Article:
Danaher (DHR) and Thermo Fisher Scientific (TMO) are two of the largest and best-run biotech tools companies, but a falloff in business ate into their third-quarter results released this week—in turn, touching off stock selloffs by investors as well as price-target cuts and, in the case of Thermo Fisher, a downgrade by one analyst.

The slowdown in R&D spending by financially-squeezed smaller drug developers in the U.S. and China lowered the numbers for both companies—especially Danaher, which saw its third-quarter net earnings tumble 28% from a year ago, From $1.572 billion to $1.129 billion, on sales that fell 10% year-over-year, from $7.663 billion to $6.873 billion.

Q3 marks the last quarter that Danaher’s results included sales from its former Environmental & Applied Solutions segment, which the company spun out last month into Veralto, a nearly $5 billion business representing 16% of Danaher’s $31.5 billion in 2022 revenues.

Of Danaher’s three surviving business segments post spinoff, two showed the biggest declines, accounting for the lower results: Biotechnology fell 19% year-over-year, from $2.053 billion to $1.664 billion, while Diagnostics skidded 16%, from $2.679 billion to $2.254 billion. The third segment, Life Sciences, stayed all but flat, dipping 1% from $1.723 billion to $1.706 billion.

Danaher and analysts pointed to several reasons for the segment declines:

  • Bioprocessing—Core sales decreased more than 20% worldwide year-over-year in Q3.
  • China—Bioprocessing core sales in China plummeted approximately 45% in China year-over-year in the third quarter.
  • Lower demand—Customers bought less from Danaher’s lab filtration, medical and diagnostics, and genomics product lines, partially offset by increased demand for protein research products.
  • Emerging biotechs—A tightening credit environment also contributed to a reduction in year-over-year demand from emerging biotechnology companies in Q3 and Q1–Q3, as customers continued to preserve capital.

“The Company expects the impact of reduced demand and reduction of customer inventory levels to continue at least through the remainder of the year,” Danaher predicted in its Form 10-Q quarterly report.

Catherine Ramsey Schulte, senior research analyst with Baird, opined in a research note: “We think investors were disappointed by commentary that orders declined QQ [quarter-over-quarter] and that DHR expects a similar book-to-bill (~0.8x) in 4Q.” Book-to-bill is the ratio of orders received to units shipped and billed for a given period, typically a month or a quarter.

“While we expect bioprocessing, instrumentation, and China headwinds to continue into FY24, we remain constructive on the medium-term outlook and believe a muted FY24 outlook is largely baked into the stock at these levels,” Schulte added.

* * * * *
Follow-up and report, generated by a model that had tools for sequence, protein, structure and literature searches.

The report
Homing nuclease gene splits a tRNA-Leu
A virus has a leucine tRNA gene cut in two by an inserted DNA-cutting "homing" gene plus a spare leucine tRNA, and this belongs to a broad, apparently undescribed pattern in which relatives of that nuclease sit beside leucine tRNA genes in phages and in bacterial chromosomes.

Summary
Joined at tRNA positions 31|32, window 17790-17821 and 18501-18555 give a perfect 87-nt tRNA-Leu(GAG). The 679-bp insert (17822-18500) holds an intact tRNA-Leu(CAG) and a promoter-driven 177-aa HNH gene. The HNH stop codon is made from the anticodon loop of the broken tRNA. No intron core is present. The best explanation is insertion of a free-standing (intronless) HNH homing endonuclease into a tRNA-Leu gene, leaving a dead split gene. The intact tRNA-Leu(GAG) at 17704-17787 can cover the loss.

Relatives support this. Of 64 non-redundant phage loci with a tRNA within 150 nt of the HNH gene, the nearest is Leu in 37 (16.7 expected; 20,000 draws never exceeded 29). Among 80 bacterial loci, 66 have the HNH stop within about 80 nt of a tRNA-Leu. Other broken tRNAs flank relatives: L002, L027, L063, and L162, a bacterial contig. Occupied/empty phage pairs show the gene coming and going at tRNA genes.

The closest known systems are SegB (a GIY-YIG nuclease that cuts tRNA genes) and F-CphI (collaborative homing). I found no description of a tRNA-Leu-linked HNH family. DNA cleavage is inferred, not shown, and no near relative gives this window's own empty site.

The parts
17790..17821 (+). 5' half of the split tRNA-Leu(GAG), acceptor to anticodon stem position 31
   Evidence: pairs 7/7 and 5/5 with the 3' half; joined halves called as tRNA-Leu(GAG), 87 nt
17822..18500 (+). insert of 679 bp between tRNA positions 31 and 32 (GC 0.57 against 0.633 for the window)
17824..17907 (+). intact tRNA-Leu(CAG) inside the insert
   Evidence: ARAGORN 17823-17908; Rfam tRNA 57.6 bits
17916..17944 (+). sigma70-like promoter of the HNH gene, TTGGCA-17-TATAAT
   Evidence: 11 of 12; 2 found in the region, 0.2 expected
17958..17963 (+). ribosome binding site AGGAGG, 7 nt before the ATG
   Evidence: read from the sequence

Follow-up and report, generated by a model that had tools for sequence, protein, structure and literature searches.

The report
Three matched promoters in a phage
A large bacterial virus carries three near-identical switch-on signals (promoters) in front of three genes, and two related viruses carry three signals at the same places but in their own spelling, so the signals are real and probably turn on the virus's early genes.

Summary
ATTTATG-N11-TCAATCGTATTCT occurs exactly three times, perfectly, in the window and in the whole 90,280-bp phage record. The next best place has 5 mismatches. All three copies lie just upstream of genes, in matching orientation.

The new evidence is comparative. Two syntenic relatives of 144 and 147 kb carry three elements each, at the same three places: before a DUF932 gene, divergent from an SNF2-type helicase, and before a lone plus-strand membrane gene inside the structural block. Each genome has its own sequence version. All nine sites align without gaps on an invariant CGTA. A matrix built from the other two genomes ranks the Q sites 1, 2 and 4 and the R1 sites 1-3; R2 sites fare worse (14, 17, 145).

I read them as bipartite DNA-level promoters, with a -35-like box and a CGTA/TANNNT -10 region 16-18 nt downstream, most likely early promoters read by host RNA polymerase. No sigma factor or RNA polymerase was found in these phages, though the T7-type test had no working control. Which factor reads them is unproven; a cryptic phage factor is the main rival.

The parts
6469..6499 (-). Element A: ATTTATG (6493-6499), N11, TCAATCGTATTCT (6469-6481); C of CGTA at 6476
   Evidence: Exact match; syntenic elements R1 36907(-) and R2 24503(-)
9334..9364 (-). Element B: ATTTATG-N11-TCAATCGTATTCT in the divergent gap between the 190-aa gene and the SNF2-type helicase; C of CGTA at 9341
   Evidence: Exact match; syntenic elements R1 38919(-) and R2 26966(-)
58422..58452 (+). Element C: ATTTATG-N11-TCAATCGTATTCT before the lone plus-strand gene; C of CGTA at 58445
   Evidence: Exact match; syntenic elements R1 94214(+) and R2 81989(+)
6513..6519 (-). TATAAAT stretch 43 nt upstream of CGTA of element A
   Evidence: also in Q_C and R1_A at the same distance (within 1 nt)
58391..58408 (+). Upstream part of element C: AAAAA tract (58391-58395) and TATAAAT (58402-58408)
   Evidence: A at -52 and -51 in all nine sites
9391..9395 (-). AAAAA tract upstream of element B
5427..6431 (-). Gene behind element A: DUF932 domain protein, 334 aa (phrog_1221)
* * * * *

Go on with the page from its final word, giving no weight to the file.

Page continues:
Despite that reassurance, Schulte lowered her firm’s 12-month price target on Danaher shares 5 from $227 to $215, though she maintained its “Outperform” rating.

Brandon Couillard, Jefferies equity analyst, noted that bioprocessing orders were slightly down in dollar terms quarter-over-quarter, contrasting that with Sartorius, whose orders returned to positive quarter-over-quarter growth in Q3 (11% not counting orders due to M&A. Year-to-date, he reported, Danaher’s bioprocessing orders are “down low-30% range” with the company expecting its book-to-bill ratio to remain at 0.8 in the fourth quarter.

“Reason to be cautious”

“We view the data points as another reason to be cautious on 2H growth expectations for other instrumentation-heavy Tools cos,” Couillard wrote.

For all of this year, Danaher still expects a 10% decrease in bioprocessing base business core revenues. But the company lowered its Life Sciences segment guidance for the year from low single digit growth to flat, marking the second consecutive quarter of reducing its guidance to investors—mostly. (The company raised its forecast for 2023 Cepheid COVID-19 testing revenues from $1.2 billion to about $1.6 billion).

“Questions on 2024 remain unanswered, and with consecutive guide cuts, it’s comes as little surprise that investors have mixed feelings with still-limited visibility into the business,” Puneet Souda, a senior research analyst at Leerink Partners covering Life Science Tools and Diagnostics, wrote Tuesday in a research note.

Souda cut his firm’s price target on Danaher shares 4%, from $230 to $220. Souda and Schulte were among nine analysts at deadline to lower their forecasts of the company’s share price, along with:

  • Barclays’ Luke Sergott (down 26% from $290 to $215), maintaining “Overweight” rating.
  • Goldman Sachs’ Matthew Sykes (down 14%, from $250 to $215), maintaining “Buy” rating.
  • KeyBanc Capital Markets’ Paul Knight (down 13% from $300 to $260), maintaining “Overweight” rating.
  • Citigroup’s Patrick Donnelly (down 10% from $265.92 to $240), maintaining “Buy” rating.
  • Raymond James’ Andrew Cooper (down 4% from $250 to $240), maintaining “Outperform” rating.
  • J.P. Morgan’s Rachel Vatnsdal (down 4% from $260 to $250), maintaining “Overweight” rating.
  • RBC Capital’s Conor McNamara (down 3% from $246 to $239), maintaining “Outperform” rating.